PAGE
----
Quick Takes: Tenure Appeal Denied to Intelligent Design Supporter, Wellesley Replaces Loans, Probation for Western CC's, Maryland's Study of Slavery, Female Students Who Drink, New Charges at Oral Roberts, Seeking Compromise on Border Fence

February 8, 2008
  • The Iowa Board of Regents on Thursday rejected the appeal of Guillermo Gonzalez, who had been denied tenure in the department of physics and astronomy, The Des Moines Register reported. Gonzalez is a supporter of intelligent design, which most scientists view as a non-scientific cover to attack evolution, and his backers have accused Iowa State of discriminating against him for his anti-evolution views. The university has maintained that a variety of measures of his scholarship were the crucial factors in the tenure review -- and those measures didn't have anything to do with evolution.
  • Wellesley College announced Thursday that it would replace loans with grants for students on financial aid who come from families with annual income below $60,000, and would reduce loans for those on financial aid with higher income levels.
  • The Accreditation Association of Community and Junior Colleges, part of the Western Association of Schools and Colleges, placed three institutions on probation at its meeting last month and continued the probation of three others. They two-year colleges put on probation were: Modesto Junior College, Los Angeles County College of Nursing and Allied Health, and College of Marin; those continued on probation were College of the Redwoods, Lassen College and Northern Marianas College. The accrediting agency also removed two institutions from probation: Brooks College and Hartnell College.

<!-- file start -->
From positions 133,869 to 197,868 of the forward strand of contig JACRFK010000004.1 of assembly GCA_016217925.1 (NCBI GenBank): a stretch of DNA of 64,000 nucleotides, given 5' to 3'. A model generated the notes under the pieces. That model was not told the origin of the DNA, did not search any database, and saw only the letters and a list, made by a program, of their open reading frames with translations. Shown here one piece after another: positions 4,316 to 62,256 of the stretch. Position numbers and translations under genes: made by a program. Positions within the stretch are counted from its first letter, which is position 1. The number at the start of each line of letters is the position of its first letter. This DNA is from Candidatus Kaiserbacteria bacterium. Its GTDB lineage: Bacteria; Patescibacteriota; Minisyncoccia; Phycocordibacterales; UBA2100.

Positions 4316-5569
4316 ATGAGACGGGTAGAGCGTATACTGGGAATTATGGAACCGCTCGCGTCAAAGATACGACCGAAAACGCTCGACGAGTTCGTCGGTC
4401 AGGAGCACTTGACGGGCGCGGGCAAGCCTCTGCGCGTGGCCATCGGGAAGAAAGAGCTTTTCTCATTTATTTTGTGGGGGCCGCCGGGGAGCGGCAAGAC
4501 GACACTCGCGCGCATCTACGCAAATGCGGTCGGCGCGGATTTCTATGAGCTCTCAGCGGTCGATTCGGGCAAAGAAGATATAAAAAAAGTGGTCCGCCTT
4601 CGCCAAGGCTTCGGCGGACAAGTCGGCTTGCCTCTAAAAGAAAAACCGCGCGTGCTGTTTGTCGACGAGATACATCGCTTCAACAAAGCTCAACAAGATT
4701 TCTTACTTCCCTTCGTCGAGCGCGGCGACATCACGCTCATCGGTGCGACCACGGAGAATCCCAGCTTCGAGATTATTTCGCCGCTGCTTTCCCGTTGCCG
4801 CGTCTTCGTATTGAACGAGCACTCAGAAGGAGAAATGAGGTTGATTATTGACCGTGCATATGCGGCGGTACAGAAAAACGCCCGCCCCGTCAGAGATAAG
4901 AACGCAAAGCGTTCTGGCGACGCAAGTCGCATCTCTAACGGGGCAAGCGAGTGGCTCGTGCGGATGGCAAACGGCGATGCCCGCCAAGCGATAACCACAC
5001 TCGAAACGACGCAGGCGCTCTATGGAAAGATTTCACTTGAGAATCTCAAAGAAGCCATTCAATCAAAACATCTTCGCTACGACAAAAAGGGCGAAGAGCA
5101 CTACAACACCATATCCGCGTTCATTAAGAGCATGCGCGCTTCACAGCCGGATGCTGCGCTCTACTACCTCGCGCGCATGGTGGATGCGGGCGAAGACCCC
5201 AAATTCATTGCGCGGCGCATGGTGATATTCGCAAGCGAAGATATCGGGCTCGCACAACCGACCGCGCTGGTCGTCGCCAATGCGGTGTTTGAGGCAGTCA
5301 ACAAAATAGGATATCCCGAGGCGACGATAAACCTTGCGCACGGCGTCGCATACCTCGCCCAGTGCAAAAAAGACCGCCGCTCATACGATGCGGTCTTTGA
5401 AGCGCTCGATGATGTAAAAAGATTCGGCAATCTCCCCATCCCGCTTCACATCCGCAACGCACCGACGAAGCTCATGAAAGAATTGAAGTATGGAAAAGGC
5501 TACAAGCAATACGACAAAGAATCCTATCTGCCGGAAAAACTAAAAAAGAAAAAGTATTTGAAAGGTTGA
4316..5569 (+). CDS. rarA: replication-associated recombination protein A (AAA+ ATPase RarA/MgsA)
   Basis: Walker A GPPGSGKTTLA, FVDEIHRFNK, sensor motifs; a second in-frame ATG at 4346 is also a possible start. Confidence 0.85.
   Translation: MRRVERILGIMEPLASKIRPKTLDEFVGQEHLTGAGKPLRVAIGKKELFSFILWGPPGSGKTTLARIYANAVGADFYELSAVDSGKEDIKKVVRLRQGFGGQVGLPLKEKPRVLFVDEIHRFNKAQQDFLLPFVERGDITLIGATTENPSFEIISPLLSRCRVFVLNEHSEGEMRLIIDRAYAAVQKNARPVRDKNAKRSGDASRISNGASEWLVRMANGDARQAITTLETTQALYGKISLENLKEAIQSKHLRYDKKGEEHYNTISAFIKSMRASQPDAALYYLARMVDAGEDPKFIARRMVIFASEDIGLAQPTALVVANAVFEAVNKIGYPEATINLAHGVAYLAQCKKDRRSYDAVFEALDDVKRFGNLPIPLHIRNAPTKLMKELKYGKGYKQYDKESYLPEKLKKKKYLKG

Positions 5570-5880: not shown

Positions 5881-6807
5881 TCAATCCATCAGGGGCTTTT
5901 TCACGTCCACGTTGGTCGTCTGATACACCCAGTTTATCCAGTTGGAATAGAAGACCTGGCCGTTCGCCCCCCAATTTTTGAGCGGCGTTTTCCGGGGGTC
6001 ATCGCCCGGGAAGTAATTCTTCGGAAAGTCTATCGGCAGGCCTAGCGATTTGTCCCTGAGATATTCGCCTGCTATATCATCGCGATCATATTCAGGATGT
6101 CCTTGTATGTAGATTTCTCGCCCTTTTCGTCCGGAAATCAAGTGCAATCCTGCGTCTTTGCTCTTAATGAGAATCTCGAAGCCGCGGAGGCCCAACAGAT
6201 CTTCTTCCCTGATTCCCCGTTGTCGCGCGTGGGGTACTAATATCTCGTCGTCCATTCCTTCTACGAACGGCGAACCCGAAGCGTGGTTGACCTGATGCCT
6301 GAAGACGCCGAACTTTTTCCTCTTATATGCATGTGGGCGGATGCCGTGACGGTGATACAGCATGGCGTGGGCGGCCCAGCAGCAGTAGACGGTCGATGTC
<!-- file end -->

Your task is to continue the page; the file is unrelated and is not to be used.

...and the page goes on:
• Prompted in part by Brown University's commission that studied links between the institution and the slave trade, many other institutions have considered how to explore that part of their history. The University of Maryland at College Park has just announced a new approach to conducting such a study. In the next academic year, a senior-level course in the history department -- with admission based on competitive application -- will conduct research and prepare a report for the university president. The course will be taught by Ira Berlin, one of the leading historians of slavery in the United States.
  • First-year female undergraduates who, as many do, significantly increase their drinking upon starting college, are significantly more likely to experience sexual assaults or other physical assaults, according to a study by the Research Institute on Addictions, of the State University of New York at Buffalo.
  • A former accountant suing Oral Roberts University has added new charges to his suit and now argues that more than $1 billion was funneled through the university annually for inappropriate uses, including personal gain by some officials, The Tulsa World reported. University officials denied the charges.
  • The University of Texas Board of Regents has adopted a resolution endorsing the importance of homeland security, but criticizing a federal plan to build a fence in south Texas that would separate part of the campus of the University of Texas at Brownsville and Texas Southmost Campus, The Austin American-Statesman reported. The regents are seeking more negotiations over the plan, which is opposed by the Brownsville campus. A federal suit for access to land for the fence is possible.
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